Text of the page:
How Do I Get Tested For Gonorrhea?

Urine sample in doctor's office
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Question: How Do I Get Tested For Gonorrhea?

Answer: Healthcare providers test for gonorrhea in one of two ways:

  • Swab: A swab is taken of the urethra (men), cervix (women), throat (for people who have had oral sex), eye, and/or rectum (for people who have receptive anal sex). For women, the cervical swab is taken as part of a pelvic exam done with a speculum.
  • Urine: Some providers will also use a urine test to diagnose gonorrhea.

    Once a sample has been acquired, it is sent to a laboratory for testing. Depending on the sample and the lab, testing may involve growing gonorrhea from the sample, looking for bacterial DNA, or using antibodies to identify whether or not the sample contains any bacteria.

    Some providers can also do a test called a Gram stain in their office at the time of your visit. For this test, a sample taken from the urethra or cervix is stained with a special dye that makes it easy to spot Neisseria gonorrhoeae, the bacterium that causes gonorrhea, under the microscope. Although this test can provide results faster than other forms of testing, it may not be as accurate, and some doctors offices are not equipped to provide it.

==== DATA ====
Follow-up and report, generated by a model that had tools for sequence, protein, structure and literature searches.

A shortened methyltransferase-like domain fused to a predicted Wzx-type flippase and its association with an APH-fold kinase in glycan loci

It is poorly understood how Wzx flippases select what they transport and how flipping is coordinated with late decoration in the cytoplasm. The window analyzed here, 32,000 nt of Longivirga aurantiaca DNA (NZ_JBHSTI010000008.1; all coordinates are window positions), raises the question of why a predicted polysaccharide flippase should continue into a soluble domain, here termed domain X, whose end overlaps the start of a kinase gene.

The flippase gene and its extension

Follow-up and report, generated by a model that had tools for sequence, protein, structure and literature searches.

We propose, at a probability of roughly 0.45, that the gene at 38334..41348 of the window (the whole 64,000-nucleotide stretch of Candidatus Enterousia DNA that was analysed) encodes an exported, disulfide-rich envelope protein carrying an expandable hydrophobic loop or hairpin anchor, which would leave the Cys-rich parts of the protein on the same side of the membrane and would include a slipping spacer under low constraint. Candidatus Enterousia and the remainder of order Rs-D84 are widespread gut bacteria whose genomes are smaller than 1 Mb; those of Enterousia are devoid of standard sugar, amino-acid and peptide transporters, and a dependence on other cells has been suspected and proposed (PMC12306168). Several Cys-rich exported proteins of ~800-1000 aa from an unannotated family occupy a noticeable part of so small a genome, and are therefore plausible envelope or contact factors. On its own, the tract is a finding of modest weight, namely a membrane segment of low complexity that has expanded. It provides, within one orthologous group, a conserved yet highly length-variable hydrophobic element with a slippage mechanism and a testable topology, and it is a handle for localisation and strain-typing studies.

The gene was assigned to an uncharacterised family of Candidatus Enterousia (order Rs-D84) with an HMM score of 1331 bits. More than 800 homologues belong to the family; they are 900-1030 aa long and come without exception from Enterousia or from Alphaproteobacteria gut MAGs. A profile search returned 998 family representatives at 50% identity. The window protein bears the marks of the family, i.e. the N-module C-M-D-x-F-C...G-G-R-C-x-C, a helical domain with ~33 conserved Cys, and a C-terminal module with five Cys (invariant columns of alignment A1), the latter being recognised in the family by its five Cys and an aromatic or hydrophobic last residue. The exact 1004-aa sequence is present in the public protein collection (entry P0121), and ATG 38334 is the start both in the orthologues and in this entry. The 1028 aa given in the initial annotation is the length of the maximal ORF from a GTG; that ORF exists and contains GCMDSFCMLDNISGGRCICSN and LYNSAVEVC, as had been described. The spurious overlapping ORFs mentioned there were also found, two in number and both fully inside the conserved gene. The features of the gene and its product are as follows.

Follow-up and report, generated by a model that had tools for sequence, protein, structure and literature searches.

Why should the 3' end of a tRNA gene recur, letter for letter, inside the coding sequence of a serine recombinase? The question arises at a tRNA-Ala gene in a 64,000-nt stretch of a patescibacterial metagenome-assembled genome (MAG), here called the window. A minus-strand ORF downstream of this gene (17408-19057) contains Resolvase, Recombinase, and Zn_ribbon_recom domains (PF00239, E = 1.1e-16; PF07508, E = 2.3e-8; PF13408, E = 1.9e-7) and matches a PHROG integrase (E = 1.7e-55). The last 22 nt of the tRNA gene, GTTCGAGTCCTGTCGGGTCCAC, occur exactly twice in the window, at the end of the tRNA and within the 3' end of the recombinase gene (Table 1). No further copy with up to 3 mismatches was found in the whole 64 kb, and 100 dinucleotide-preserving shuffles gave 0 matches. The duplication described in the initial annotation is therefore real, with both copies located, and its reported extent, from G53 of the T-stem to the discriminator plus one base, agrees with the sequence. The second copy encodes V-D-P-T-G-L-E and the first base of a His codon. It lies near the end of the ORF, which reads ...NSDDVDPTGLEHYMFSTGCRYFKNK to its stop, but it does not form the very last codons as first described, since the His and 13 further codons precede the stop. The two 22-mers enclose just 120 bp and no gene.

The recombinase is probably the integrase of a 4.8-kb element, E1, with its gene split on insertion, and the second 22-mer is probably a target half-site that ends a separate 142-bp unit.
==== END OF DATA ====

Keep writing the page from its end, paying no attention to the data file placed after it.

Home Testing for Gonorrhea

    There has been a movement towards home-testing, and self-sampling for gonorrhea and chlamydia detection. The quality of these tests varies, but it is possible to do high-quality testing on self-collected samples.

    As such, these tests are a good option for people who would not otherwise seek out regular screening or testing. It is just important for people to make certain that the tests are being run by a reputable lab before choosing to use these services. This can be particularly an issue with tests ordered online, as described here.

    Sources:

    Lunny C, Taylor D, Hoang L, Wong T, Gilbert M, Lester R, Krajden M, Ogilvie G. Self-Collected versus Clinician-Collected Sampling for Chlamydia and Gonorrhea Screening: A Systemic Review and Meta-Analysis. PLoS One. 2015 Jul 13;10(7):e0132776. doi: 10.1371/journal.pone.0132776.

    McRee AL, Esber A, Reiter PL. Acceptability of home-based chlamydia and gonorrhea testing among a national sample of sexual minority young adults. Perspect Sex Reprod Health. 2015 Mar;47(1):3-10. doi: 10.1363/47e2715.

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